Inside Story Americas
Did Bahrain expose US double standards?
As the US criticises Russia and China over Syria, we examine Washington's reaction to Bahrain's clampdown on protesters.
Last Modified: 16 Feb 2012 08:40

"Maintain power through consent, not coercion" was the message from Barack Obama, the US president, to Arab leaders as he laid out his vision for democracy in the Middle East two years ago in the Egyptian capital, Cairo.

But then came a wave of uprisings across the Arab world - uprisings that have left the US leader under pressure to live up to the standards he advocated.

When the tiny Gulf kingdom of Bahrain saw an eruption of anti-government protests and a violent crackdown, it became apparent that US foreign policy had glaring inconsistencies and double standards in the region.

But Obama said the US did not want to "employ a cookie cutter approach" to the uprisings:

"There will be times when our short-term interests don't align perfectly with our long-term vision for the region. But we can, and we will, speak out for a set of core principles - principles that have guided our response to the events over the past six months."

The US has huge strategic ties with Bahrain, where its navy's fifth fleet is based as part of Washington's efforts to counter nearby Iran's influence in the region.

Despite international condemnation, Bahrain's deadly crackdown did not prevent the US from pursuing a much-criticised $53m arms deal until, under pressure from the US Congress and human rights groups, it suspended the sale - for now.

So, at a time when the US has heavily criticised Russia and China for looking after their own interests in violence-torn Syria, we ask if the US is guilty of hypocrisy.

Joining Inside Story Americas with presenter Lisa Fletcher are: Michael Singh, the managing director of the Washington Institute and a former senior director for Middle East affairs at the National Security Council; Brian Dooley, the director of the Human Rights Defenders programme at Human Rights First; and Jean Francois Seznec, a visiting associate professor at Georgetown University's Center for Contemporary Arab Studies.

Bahrain uprising facts:

  • According to the government's independent commission, at least 35 people were killed between February and April last year
  • The report said security forces were responsible for more than half of those deaths
  • It also reported that several detainees were tortured
  • Amnesty International says at least another 20 people have been killed since then
  • Human rights groups say security forces continue to use excessive force
  • Activists have called on Bahrain to release political prisoners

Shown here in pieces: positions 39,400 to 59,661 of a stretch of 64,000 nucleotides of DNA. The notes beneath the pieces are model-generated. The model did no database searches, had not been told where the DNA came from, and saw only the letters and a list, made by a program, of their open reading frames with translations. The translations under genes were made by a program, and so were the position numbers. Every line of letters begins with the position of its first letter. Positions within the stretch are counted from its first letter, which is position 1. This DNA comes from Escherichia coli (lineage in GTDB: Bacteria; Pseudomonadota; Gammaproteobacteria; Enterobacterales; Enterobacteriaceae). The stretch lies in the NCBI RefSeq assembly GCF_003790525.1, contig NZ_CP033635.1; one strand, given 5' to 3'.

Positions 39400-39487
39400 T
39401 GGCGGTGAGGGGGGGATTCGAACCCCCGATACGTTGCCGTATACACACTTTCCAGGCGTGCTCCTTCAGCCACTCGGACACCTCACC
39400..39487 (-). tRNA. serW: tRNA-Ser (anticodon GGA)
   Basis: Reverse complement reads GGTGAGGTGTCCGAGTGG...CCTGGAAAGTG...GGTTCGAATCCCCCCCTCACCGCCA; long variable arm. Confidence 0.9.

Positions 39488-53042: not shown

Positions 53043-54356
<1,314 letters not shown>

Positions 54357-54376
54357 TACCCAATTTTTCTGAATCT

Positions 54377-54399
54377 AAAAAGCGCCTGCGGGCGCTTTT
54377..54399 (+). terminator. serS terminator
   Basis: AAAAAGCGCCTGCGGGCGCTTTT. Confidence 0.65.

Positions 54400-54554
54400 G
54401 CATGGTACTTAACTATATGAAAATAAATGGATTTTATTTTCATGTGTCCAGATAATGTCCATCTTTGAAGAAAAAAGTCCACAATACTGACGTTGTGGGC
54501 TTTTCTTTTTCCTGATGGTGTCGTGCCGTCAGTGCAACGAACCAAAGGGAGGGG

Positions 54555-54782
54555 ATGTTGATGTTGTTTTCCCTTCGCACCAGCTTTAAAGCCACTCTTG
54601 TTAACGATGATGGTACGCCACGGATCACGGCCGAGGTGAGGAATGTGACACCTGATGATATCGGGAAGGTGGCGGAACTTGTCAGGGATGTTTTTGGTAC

• Human rights officials have called high ranking security officials to be investigated

The Stream spoke to Maryam Alkhawaja, the head of foreign relations for the Bahrain Center for Human Rights, and Fahad al-Binali, a media attache for the Bahraini Information Affairs Authority, about the uprising. Here is some of what they had to say:

Maryam Alkhawaja: "The protests never stopped in Bahrain, [the media] just stopped covering them .... To the Bahraini protesters, the US is to Bahrain as Russia is to Syria."

Fahad al-Binali: "To compare what is happening in Bahrain to what is happening in Syria and elsewhere is just a form of sensationalism."

Click here to watch this episode of The Stream.

Al Jazeera
Topics in this article
Featured on Al Jazeera
'Justice for All' demonstrations swell across the US over the deaths of African Americans in police encounters.
Six former Guantanamo detainees are now free in Uruguay with some hailing the decision to grant them asylum.
Disproportionately high number of Aboriginal people in prison highlights inequality and marginalisation, critics say.
Nearly half of Canadians have suffered inappropriate advances on the job - and the political arena is no exception.
Women's rights activists are demanding change after Hanna Lalango, 16, was gang-raped on a bus and left for dead.
Buried in Sweden's northern forest, Sorsele has welcomed many unaccompanied kids who help stabilise a town exodus.
A look at the changing face of North Korea, three years after the death of 'Dear Leader'.
While some fear a Muslim backlash after café killings, solidarity instead appears to be the order of the day.
Victims spared by the deadly disease are reporting blindness and other unexpected post-Ebola health issues.